Conscious Choice: The origins of slavery in America and why it matters today and for our future in outer space, is a riveting page-turning story that documents how slavery slowly became pervasive in the southern British colonies of North America, colonies founded by a people and culture that not only did not allow slavery but in every way were hostile to the practice.  
Conscious Choice does more however. In telling the tragic history of the Virginia colony and the rise of slavery there, Zimmerman lays out the proper path for creating healthy societies in places like the Moon and Mars.

 

“Zimmerman’s ground-breaking history provides every future generation the basic framework for establishing new societies on other worlds. We would be wise to heed what he says.” —Robert Zubrin, founder of founder of the Mars Society.

 

All editions are available at Amazon, Barnes & Noble, and all book vendors, with the ebook priced at $5.99 before discount. The ebook can also be purchased direct from my ebook publisher, ebookit, in which case you don't support the big tech companies and I get a bigger cut much sooner.

 

Autographed printed copies are also available at discount directly from me (hardback $24.95; paperback $14.95; Shipping cost for either: $5.00). Just email me at zimmerman @ nasw dot org.

6 comments

  • Skunk Bucket

    Perhaps South Georgia Island is now at risk for capsizing, just like Guam. Somebody go warn Rep. Hank Johnson!

  • eddie willers

    Perhaps South Georgia Island is now at risk for capsizing, just like Guam. Somebody go warn Rep. Hank Johnson!

    I’ll bet he expects it to sink like the Titanic.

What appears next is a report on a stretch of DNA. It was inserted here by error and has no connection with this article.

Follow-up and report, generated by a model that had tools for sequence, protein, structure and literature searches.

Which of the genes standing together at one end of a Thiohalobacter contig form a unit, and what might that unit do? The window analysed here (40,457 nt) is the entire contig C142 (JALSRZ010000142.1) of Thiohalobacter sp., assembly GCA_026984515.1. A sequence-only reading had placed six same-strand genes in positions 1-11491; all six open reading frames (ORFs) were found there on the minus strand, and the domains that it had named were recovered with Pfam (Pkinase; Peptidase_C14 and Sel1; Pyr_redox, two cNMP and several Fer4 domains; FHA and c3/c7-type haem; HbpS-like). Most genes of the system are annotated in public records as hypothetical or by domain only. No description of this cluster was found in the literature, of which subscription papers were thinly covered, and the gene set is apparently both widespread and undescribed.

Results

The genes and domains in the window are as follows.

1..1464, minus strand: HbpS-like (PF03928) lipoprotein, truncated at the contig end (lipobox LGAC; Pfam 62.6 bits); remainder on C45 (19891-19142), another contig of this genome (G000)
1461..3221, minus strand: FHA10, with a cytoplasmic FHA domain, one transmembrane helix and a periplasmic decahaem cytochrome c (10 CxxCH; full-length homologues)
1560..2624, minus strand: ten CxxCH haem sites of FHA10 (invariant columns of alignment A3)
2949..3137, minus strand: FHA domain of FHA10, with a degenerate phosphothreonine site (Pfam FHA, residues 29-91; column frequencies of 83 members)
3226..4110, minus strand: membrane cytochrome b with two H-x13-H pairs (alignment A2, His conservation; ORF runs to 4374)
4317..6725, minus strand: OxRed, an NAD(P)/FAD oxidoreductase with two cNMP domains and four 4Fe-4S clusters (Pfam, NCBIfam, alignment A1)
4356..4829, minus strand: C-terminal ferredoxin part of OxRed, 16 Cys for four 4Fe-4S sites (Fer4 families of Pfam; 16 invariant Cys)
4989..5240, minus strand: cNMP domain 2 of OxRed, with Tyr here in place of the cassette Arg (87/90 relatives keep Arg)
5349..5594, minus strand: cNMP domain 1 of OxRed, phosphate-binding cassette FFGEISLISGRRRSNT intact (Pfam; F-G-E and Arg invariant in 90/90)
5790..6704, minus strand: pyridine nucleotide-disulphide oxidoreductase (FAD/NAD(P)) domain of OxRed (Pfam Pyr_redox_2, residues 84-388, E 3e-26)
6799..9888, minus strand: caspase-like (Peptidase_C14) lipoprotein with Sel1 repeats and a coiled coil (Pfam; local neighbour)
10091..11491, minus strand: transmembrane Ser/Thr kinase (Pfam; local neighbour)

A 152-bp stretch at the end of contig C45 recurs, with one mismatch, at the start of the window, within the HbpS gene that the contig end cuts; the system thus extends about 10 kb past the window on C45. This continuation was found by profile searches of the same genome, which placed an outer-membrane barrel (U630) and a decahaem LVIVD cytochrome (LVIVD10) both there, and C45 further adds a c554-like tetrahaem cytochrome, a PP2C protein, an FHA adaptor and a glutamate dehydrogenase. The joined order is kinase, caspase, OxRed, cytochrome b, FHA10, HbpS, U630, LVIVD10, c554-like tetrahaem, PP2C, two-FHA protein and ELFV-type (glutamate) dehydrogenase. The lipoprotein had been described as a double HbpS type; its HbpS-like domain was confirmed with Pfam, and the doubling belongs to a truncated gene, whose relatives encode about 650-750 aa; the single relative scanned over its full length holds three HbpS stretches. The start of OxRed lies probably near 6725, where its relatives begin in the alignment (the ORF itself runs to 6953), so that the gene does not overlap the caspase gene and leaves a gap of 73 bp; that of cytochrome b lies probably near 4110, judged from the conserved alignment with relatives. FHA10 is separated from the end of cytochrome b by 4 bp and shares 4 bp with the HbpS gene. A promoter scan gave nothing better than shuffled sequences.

• pzatchok

    It looks like this happens quite frequently.

    I bet the ecology of the area is well adapted to this happening.

    But hey why not call it global warming even if its happened for as long as the island has been there.

  • Garry

    When viewed 2-dimensionally the berg appears on a collision course with South Georgia, but we have to compare water depth with the depth of the iceberg to tell whether collision is even possible.

    Perhaps the berg could ground several miles away (assuming the ocean is deep relatively close to the island; I haven’t looked into that). As it melts over the years, it could be pushed closer to the island.

    But nature will adapt as it always does, promoting some species, harming others, and having no net effect on others.

    But of course the mainstream science media only considers the harmful possibilities, and exaggerates them to the max.

  • Cotour

    What about the Rights of the ice?

    (And as stupid as that sounds I have actually heard that exact argument from you know who and you know where)

  • Spectrum Shift

    It looks to me the berg has a clockwise rotation that may spike the northern tip into the island. Then currents may swing the berg to rotate counter clockwise and pivot the berg south, and away from the island’s south coast. I agree with Garry. Let’s put some Ragu sauce on the spaghetti tracks and see what happens. I don’t think my car idling in rush hour traffic gave birth to this berg.

Readers: the rules for commenting!

 

No registration is required. I welcome all opinions, even those that strongly criticize my commentary.

 

However, name-calling and obscenities will not be tolerated. First time offenders who are new to the site will be warned. Second time offenders or first time offenders who have been here awhile will be suspended for a week. After that, I will ban you. Period.

 

Note also that first time commenters as well as any comment with more than one link will be placed in moderation for my approval. Be patient, I will get to it.

Leave a Reply

Your email address will not be published. Required fields are marked *